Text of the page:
The Conference Board’s Consumer Confidence Index rose for the second consecutive month in January, sparking hope among retailers that the economy is, indeed, headed toward the forecasted second-half recovery. The closely watched index frequently mirrors overall economic fluctuations and predicts upcoming expectations.
“While the economy has not turned around yet, the worst may well be over,” says Lynn Franco, director of the Conference Board’s Consumer Research Center. “The upturn in confidence is being driven by growing confidence about the business outlook and job prospects.
Consumers report being more upbeat about economic prospects six months from now. A full 25% of people surveyed expect business conditions to improve this year. Attitudes toward employment prospects are also upbeat, leading to the best confidence levels seen for quite a while.
“Consumer expectations for the future are now higher than they have been in a year,” Franco says.
The Federal Reserve Board confirmed the news by holding steady with interest rates, stirring a Wall Street rally.
Among jewelers, meanwhile, caution reigns supreme but a steadier-than-expected holiday season served to buoy the mood a bit for the start of 2002.
Retail Sales on the Rise
Recent reports show retail sales on the rise, suggesting that consumer spending—which accounts for two-thirds of U.S. economic activity—is keeping the recession from devastating the retail sector. Instinet’s Redbook retail sales average, for example, rose 1.4 percent in the first two retail weeks of January, compared to the same period last year.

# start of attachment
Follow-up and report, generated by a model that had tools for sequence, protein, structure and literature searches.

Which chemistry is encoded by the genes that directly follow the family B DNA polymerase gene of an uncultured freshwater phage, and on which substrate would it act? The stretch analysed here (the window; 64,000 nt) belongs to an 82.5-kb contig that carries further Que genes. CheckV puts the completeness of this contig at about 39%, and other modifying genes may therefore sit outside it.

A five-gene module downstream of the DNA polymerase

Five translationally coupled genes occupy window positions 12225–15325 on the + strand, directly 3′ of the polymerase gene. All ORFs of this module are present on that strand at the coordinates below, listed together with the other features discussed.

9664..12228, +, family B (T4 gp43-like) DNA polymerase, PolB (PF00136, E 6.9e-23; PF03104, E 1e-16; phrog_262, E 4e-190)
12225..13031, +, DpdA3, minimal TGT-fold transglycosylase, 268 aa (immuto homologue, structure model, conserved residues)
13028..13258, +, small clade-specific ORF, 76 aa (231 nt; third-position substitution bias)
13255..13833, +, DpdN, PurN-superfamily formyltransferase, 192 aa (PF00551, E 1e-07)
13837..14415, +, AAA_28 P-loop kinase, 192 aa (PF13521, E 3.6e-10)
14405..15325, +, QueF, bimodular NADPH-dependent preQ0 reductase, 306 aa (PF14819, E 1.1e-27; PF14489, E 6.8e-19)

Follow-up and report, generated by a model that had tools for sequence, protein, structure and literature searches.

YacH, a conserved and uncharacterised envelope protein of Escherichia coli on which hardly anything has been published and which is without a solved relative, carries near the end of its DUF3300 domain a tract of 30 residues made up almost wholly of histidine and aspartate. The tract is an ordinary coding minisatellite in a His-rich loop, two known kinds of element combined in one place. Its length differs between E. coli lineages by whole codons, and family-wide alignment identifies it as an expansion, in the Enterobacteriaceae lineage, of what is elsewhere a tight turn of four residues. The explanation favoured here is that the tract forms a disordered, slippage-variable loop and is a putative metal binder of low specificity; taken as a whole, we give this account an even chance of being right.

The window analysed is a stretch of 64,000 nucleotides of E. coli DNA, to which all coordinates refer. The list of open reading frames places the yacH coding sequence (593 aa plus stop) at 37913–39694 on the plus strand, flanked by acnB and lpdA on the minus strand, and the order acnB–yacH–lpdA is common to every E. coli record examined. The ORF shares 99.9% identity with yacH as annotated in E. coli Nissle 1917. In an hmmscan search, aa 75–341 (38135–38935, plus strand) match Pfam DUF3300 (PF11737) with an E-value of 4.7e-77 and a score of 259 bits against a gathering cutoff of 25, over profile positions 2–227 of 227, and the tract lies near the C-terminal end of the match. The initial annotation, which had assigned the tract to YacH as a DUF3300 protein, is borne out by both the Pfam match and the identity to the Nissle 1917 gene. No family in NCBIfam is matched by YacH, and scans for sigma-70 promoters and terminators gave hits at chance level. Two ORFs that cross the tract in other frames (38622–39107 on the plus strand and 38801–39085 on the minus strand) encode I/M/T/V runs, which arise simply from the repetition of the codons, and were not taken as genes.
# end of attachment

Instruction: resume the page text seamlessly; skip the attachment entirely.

While, thus far, discounters have lead in sales increases, diamonds and jewelry, nonetheless, are holding their own. The International Council of Shopping Centers, for example, reported that sales of jewelry for the 2001 holiday season were up overall. Jewelry sales rose .6% from Thanksgiving to Christmas, according to the ICSC.
Online jewelry sales, are also on the climb—to $172 million in December, from $117 million in November, says a survey by Forrester Research.
Luxury Woes Explained
Despite the upbeat news, tremors continue in the luxury sector, with LVMH—one of the world’s leading product groups—continuing to slip. Though LVMH’s overall sales for the year seemed positive—a 5% growth rate to $10.8 billion—sales for the fourth quarter were actually down by 4% from last year.
Sales in the watch and jewelry division, specifically, dropped 12% for the year. This gloomy news, however, may be misconstrued, as LVMH and analysts are attributing the lackluster performance not with a general decreased interest in watches, jewelry and other luxury products, but, rather, a decline in travel since Sept. 11 and, therefore, a drop in travel-related sales.